Monday, August 31, 2015

Loss of Sense

Sometimes time seems frozen.  I'll see a picture of a friend or acquaintance that I've not seen in person for decades and their image from days past is fresh in my mind.  It hardly seems like years since we last hung out or saw one another.
If the person means more than just a passing friendship, the effect of stopping time seems more vivid.   Perhaps a defense mechanism, or another manifestation of holding on to something ephemeral.
The technology we now have incorporated into our daily lives adds to this phenomena as well as creates additional twists of reality.
Scroll through a host of Facebook posts or even a lengthy list of Facebook friend pictures and experience most of the people in your current and past life all flashed before your eyes in a mass of slideshow moving parts.  Most likely most of these people know a limited few of the other faces they are on this moving billboard with.  Yet the juxtaposition of their smiles and grimaces makes for a fascinating kaleidoscope of humanity.  A few tinges here and there too, no?
To this add the realization that some of these folks you probably will never see again.  And that's OK too.  It's that particular phenomena of our internet age where we are closer than ever, but really just as far away.

I experienced this in another way a few days ago.  Looking forward to watching American Pharaoh run in the Travers Stakes, I cleared the day and set up my computer.  Of course I don't have to go to a race track any more to follow the sport.  Even a smart phone will let you place a small wager and watch the race, albeit on a two inch screen.  I refer to that experience as having a race track in your pocket.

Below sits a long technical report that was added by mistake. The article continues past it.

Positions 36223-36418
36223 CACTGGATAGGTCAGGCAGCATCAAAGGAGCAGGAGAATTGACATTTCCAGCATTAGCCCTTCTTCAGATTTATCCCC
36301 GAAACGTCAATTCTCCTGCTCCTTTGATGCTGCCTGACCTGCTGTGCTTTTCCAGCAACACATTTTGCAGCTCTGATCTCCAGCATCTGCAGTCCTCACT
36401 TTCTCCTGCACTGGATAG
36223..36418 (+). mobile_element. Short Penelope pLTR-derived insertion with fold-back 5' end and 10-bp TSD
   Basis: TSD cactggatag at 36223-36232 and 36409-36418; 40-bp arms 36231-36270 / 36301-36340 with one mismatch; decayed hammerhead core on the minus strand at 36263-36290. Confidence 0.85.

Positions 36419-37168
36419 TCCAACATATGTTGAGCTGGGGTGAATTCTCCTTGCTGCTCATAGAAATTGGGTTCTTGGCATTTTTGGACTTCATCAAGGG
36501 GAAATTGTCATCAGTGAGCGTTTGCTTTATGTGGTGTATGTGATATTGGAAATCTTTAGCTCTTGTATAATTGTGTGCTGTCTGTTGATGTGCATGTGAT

Saturday began with all the excitement and anticipation of Derby day until a power outage forced my day at the races onto the I Phone.  While I momentarily felt rescued from the dilemma, I realized in a profound moment what was missing.  No smell of cigar smoke, no mustard or crowd roar.  No seeing the thoroughbred dancing in front of you.  Thoroughbred racing is one of the most intimate sports for the fan.  Getting close enough to talk to the jockey or see a horse saddled with nervous owner and hopeful trainer (or is it the other way around) is easily done at most tracks.  So, for the convenience of watching a televised race and interactive betting, we must sacrifice most of the sensory experience that is such an important and aesthetic part of the sport.
True it is still possible to go out to your nearby horse track.  But with out the throngs that only show up on the biggest days, you might as well just stay home.  So much is missing.

Sunday, August 23, 2015

Lost and Gained